Thursday, February 13, 2014

Oscar Predictions 2014: Best [BLANK] Film

When people think about the best film of the year, the one that comes to mind is, of course, Best Picture. But when we say Best Picture, we mean best Full Length Feature Film. There are, in fact, six other categories which, essentially, award the best picture in their field-- it's just a more specific field. Of these categories, the only consistently mainstream one is the Best Animated Feature category-- although Best Documentary Feature and Best Foreign Language Film occasionally have some well-known films among the nominees-- like Oscar-winning documentaries March of the Penguins, An Inconvenient Truth, or Bowling for Columbine. But these more mainstream releases don’t always win. For example, famous documentaries such as Spellbound, Super Size Me, and Sicko all went home empty-handed on Oscar night. And that’s because the Oscar voters actually watch all of the films nominated, which most pundits, oddsmakers, and bloggers (including myself) have not done. This disparity can perhaps be best seen in the foreign-language film category. Take the case of Pan’s Labyrinth, which despite being a hit in the United States and receiving multiple other Oscar nominations, lost this award to the German film The Lives of Others. And I have to tell you, as much as I love Pan’s Labyrinth, The Lives of Others is one of the best films I’ve ever had the pleasure of watching—it had appeared on numerous critics’ Top Ten lists that year and very much deserved its triumph. And yes, reaction was negative as people who had not seen any of the nominees other than Pan’s Labyrinth were outraged at its supposed snub. This same ignorance has already been on display this year, with many on the internet being surprised that palme d’or winner Blue is the Warmest Color was not nominated. But…while the film is in a foreign language, it was ineligible to be nominated this year as it was released past the deadline in its home country of France. So its lack of a nomination was far from a snub—it was a certainty!

But I'm getting off track. Because I want to talk about the most overlooked categories-- the ones for short films-- Best Animated Short Film, Best Live Action Short Film, and Best Documentary Short Subject. These awards are a big deal for filmmakers. For those who make these films, there is no higher honor one can receive. But because they’re not big names and often don’t have a wide release, no one really cares about these awards. And I'm not saying that everyone has to watch these films—I know how expensive it is in both time and money to watch movies these days (and if you use…um…less legal methods, these films are often more difficult to locate) but they’re worth at least reading about. What do these documentary short subjects actually address? Even if you can’t see the whole film, you can often get a glimpse of the animation in the animated shorts, and they’re usually incredible.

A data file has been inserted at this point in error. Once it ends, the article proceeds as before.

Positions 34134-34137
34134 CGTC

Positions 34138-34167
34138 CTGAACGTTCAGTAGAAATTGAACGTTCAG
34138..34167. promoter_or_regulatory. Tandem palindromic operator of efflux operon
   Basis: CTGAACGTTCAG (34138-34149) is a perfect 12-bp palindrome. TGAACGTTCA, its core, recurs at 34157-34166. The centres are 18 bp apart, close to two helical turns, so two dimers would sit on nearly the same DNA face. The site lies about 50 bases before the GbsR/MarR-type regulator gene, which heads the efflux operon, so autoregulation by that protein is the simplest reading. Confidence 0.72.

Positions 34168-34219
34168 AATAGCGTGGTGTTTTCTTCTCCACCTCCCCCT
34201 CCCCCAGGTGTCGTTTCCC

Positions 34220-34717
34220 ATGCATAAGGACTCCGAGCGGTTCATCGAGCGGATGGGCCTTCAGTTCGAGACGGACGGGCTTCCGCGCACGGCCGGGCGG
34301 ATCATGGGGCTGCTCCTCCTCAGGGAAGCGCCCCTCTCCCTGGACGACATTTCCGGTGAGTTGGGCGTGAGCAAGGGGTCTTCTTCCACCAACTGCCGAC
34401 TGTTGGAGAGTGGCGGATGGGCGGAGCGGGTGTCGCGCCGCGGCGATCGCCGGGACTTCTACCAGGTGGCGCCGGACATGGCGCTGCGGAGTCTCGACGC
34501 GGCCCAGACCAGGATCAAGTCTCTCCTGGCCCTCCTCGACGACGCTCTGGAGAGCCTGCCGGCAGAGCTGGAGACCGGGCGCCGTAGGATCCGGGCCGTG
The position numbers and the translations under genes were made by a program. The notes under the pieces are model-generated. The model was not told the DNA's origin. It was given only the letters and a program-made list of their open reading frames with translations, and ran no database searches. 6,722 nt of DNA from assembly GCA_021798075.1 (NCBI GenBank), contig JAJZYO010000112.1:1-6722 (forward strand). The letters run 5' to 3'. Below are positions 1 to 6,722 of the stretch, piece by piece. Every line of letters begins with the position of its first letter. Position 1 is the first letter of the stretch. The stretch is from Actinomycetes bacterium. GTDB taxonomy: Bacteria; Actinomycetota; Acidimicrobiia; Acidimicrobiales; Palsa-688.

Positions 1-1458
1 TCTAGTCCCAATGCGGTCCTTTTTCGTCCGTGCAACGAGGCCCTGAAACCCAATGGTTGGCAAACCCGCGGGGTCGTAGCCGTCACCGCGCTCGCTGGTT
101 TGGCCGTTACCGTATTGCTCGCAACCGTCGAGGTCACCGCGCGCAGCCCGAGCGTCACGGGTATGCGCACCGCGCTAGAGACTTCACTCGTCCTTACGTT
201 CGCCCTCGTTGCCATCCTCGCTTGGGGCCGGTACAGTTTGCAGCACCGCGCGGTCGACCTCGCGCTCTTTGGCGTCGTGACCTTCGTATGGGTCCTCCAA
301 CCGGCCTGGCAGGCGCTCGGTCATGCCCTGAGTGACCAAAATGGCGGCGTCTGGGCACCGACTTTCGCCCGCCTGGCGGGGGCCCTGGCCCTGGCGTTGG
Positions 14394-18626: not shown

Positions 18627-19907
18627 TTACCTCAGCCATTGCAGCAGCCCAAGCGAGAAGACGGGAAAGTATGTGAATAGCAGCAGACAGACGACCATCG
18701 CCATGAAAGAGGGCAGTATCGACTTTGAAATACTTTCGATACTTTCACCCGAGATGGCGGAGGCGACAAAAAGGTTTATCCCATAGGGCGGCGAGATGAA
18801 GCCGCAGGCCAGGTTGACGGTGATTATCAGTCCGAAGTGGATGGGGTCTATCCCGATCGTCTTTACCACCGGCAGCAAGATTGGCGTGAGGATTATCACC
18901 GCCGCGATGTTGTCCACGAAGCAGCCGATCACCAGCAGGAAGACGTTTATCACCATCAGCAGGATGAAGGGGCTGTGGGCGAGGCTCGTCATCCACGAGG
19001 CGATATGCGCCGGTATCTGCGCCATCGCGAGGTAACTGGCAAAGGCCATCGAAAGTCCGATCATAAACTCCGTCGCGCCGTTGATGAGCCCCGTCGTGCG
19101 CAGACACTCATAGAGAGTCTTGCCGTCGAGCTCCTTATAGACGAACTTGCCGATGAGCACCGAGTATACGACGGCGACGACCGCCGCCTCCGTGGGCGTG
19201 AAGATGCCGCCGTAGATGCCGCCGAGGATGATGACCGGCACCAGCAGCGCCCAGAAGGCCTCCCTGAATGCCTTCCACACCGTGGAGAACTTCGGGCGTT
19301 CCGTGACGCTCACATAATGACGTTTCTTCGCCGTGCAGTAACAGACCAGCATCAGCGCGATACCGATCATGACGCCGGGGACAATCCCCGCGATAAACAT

I learned about two fantastic short films from previous Oscars—both winners in the Live Action Short category. One is Six Shooter which was made by playwright Martin McDonagh, who has since made the fantastic feature-length films In Bruges and Seven Psychopaths, and Six Shooter is certainly on par with them. The other live-action short I’d like to recommend is a wonderful movie musical called West Bank Story which is, essentially, West Side Story but taking place between two rival falafel stands on the Gaza strip. The reason why I sought this film out, and in fact purchased it, was actually the speech that the filmmaker, Ari Sandel, gave at the Oscars, which championed the work of the independent filmmaker, the “little guy,” and the importance of the films in the categories below. Here’s a great interview with Sandel about winning the Oscar which ends with the full speech. You realize that, while big celebrities oftentimes give acceptance speeches at multiple awards ceremonies in their life, this is really, truly, the greatest moment in the winners of these particular categories. That’s why they’re often some of my favorite acceptance speeches. Don't go to the bathroom when these awards are announced-- the speeches are going to be the most earnest and wonderful of the night.

And if the encouragement of me and Sandel is not enough to get you to care about these awards, then remember that these are the categories that people just guess on for their ballots. So, these are the ones that can really help put you over the edge if you’re in any competitive Oscar betting pool.